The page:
It should be evident that we are not speaking about individual students and the trajectories their lives may take. The student as a member of the working class experiences imposition of work insofar as s/he too has no control over the many hours s/he has to spend in the university, in attending class, courses studied, fees paid, exams written etc. Decisions are made at another level by administrators whose only considerations are the interests of the market, not what students, or for that matter, professors and karamcharis desire. Members of the administration are not elected representatives; they come in through mechanisms in which we have no say. Today we might be fighting the semester system, or the service regulations, or against the attendance rule, fee-hike or for timely payment of karamchari salaries, but we also need to fight the arbitrariness with which these problems impose themselves upon us. It is this arbitrariness of imposition that determines the students’ status as a member of the working class.
According to this view, it does not matter whether a student comes from a rich family or a poor family – because we talk in terms of the collective worker, we deal with tendencies and potential, not with determination and destiny (which we have to consider when speaking for individuals). At this level of abstraction any geo-political space bears within it the potential for positing a truly transformative form of politics, insofar as each localized moment of capitalism is constituted by the fundamental conflict between labour and capital. The idea that because a student comes from a (relatively) high-income group it makes her/him petty bourgeois has no validity; firstly because the parents belong to this group, and secondly, because income group is not what decides whether an individual is petty bourgeois or not, but the control s/he has over her/his labour power.
In fact, “petty-bourgeois” refers not so much to a fixed position as to a tendency. Each individual, living in the system of capitalism, is constituted by the struggle between this tendency and the tendency toward proletarianisation. The student is a part of the collective worker, but at the same time is also haunted by this specter of possible petty-bourgeoisfication. In some the petty-bourgeois tendency is stronger while in others it is weaker and this varies in proportion to the degree of control an individual has over her/his life. It is undeniable that the socio-economic security that certain parents are able to provide their children, who then become students, means that these students are not easily discontented, and when they are discontented their immediate impulse is to go back to the previous state of relative comfort. In these individuals the petty-bourgeois tendency is strong and hence they are more likely, at a moment of conflict, when they feel pressed, to go for a local resolution, which helps consolidate the status quo.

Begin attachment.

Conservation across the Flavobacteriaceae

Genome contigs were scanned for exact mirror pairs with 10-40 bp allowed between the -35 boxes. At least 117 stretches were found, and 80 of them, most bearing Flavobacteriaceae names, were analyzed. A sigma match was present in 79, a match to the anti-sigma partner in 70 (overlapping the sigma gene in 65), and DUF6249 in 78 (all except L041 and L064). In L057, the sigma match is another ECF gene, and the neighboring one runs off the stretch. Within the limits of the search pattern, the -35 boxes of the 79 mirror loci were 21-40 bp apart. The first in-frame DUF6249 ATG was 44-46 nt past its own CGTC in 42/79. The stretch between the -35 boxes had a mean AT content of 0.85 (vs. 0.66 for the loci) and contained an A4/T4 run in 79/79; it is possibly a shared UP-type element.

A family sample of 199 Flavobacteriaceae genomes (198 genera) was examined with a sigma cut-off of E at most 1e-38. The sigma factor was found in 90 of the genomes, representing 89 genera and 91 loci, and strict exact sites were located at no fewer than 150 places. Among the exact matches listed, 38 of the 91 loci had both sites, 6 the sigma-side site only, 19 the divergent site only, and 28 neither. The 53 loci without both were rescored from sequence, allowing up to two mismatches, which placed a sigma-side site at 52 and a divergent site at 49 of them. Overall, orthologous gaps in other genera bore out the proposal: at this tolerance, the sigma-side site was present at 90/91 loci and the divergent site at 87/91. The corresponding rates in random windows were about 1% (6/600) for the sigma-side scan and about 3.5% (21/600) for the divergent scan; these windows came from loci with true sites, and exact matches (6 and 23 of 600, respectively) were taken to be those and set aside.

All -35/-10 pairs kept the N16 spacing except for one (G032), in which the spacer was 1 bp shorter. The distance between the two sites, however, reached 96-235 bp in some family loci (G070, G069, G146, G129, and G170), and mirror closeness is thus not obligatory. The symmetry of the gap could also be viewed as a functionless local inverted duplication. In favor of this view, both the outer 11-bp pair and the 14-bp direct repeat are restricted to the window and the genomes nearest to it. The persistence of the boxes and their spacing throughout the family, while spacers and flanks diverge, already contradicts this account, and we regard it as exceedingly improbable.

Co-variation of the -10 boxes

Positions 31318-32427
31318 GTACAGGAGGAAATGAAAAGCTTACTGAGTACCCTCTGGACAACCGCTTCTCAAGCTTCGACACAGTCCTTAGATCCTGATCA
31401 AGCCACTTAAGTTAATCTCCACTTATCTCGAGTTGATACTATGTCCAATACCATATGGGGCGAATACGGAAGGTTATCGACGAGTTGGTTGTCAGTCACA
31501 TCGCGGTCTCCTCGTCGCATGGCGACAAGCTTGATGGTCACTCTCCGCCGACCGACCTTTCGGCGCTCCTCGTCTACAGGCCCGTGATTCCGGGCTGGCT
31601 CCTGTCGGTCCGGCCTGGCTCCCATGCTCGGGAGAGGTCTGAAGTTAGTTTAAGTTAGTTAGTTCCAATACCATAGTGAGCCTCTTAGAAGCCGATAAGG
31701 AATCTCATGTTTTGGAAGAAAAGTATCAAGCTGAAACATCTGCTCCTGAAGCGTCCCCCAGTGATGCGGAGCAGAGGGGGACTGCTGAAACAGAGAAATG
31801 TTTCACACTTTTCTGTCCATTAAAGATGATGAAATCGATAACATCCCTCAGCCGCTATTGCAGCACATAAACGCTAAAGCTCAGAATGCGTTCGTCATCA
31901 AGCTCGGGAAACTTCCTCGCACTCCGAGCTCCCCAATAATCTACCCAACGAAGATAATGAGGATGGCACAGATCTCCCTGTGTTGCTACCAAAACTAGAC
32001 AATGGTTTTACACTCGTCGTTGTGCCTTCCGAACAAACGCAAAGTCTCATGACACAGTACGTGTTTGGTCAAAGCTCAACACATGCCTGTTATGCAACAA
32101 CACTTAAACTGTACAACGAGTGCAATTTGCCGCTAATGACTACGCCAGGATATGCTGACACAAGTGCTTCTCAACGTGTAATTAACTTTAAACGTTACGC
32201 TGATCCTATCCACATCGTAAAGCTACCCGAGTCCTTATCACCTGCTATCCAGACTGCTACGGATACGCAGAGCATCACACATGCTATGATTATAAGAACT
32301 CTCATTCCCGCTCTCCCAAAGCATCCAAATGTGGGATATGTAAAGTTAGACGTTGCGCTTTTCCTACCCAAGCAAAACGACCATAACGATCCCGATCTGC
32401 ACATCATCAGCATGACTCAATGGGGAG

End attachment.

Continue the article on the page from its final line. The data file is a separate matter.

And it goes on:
The KYS pamphlet claims that this is the position of the student studying in North Campus. If this is so, then undoubtedly it will be difficult to facilitate the emergence of a truly radical form of politics here; but even then it is not impossible. This is not the beginning of a lesson in the “optimism of spirit”; one is merely trying to point out that the difference between the North Campus or any other identifiable geo-political space with any other, is one of degree and not kind (“lesser or greater degree of petty-bourgeoisfication,” and not “working class and petty-bourgeois”). Perhaps comrades from the KYS think that they never contradicted this dictum. I will remind them that after a point quantity changes into quality – this seems to have happened in their pamphlet. A class-conscious student would see herself/himself as a member of the working class and in that will leave behind determinations like prehistory and family. All locations and identities are potentially arena for struggle, and this is what the KYS pamphlet fails to take cognizance of. However – and this is not to be denied – there is more to this story. I will come now to the experience that gives birth to a theorisation like the one offered by the said pamphlet.
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When one is engaged in the pragmatics of political activity, it becomes necessary to function at a level of abstraction altogether different from the one that forms the core of the science of revolution making – this is the difference between tactic and strategy. Our experiences in “students’ politics” tells us that because of certain reasons, which are clearly linked to the petty-bourgeois tendency discussed earlier, it is harder to build a ground for a sustainable agitational politics in places like North Campus, as opposed to peripheral colleges of DU or polytechnics. So tactically, it might seem more fruitful for an organisation to focus on these other areas. One might even go as far as to say that the form of politics that a space like North Campus might throw up is much more likely to be ideologically compromised than the ones thrown by the so-called peripheral zones.
However, the North Campus continues to be a possible terrain for political engagement for those located here and willing to recognize it as a space, like any other, where individuals do not have control over their labour process. Of necessity, such individuals will be forced to ally with petty-bourgeois tendencies, which at certain moments show an anti-capitalistic tenor, during the course of their struggles – tendencies that in the final instance are constitutive of capitalism. How does one recognize these tendencies as they unfurl into political activity? To answer this question, which is really the most important one here, I will try to engage with the politics of the UCD (University Community for Demcracy) as it has unfolded so far. Below are two quotes from the UCD response to the KYS pamphlet.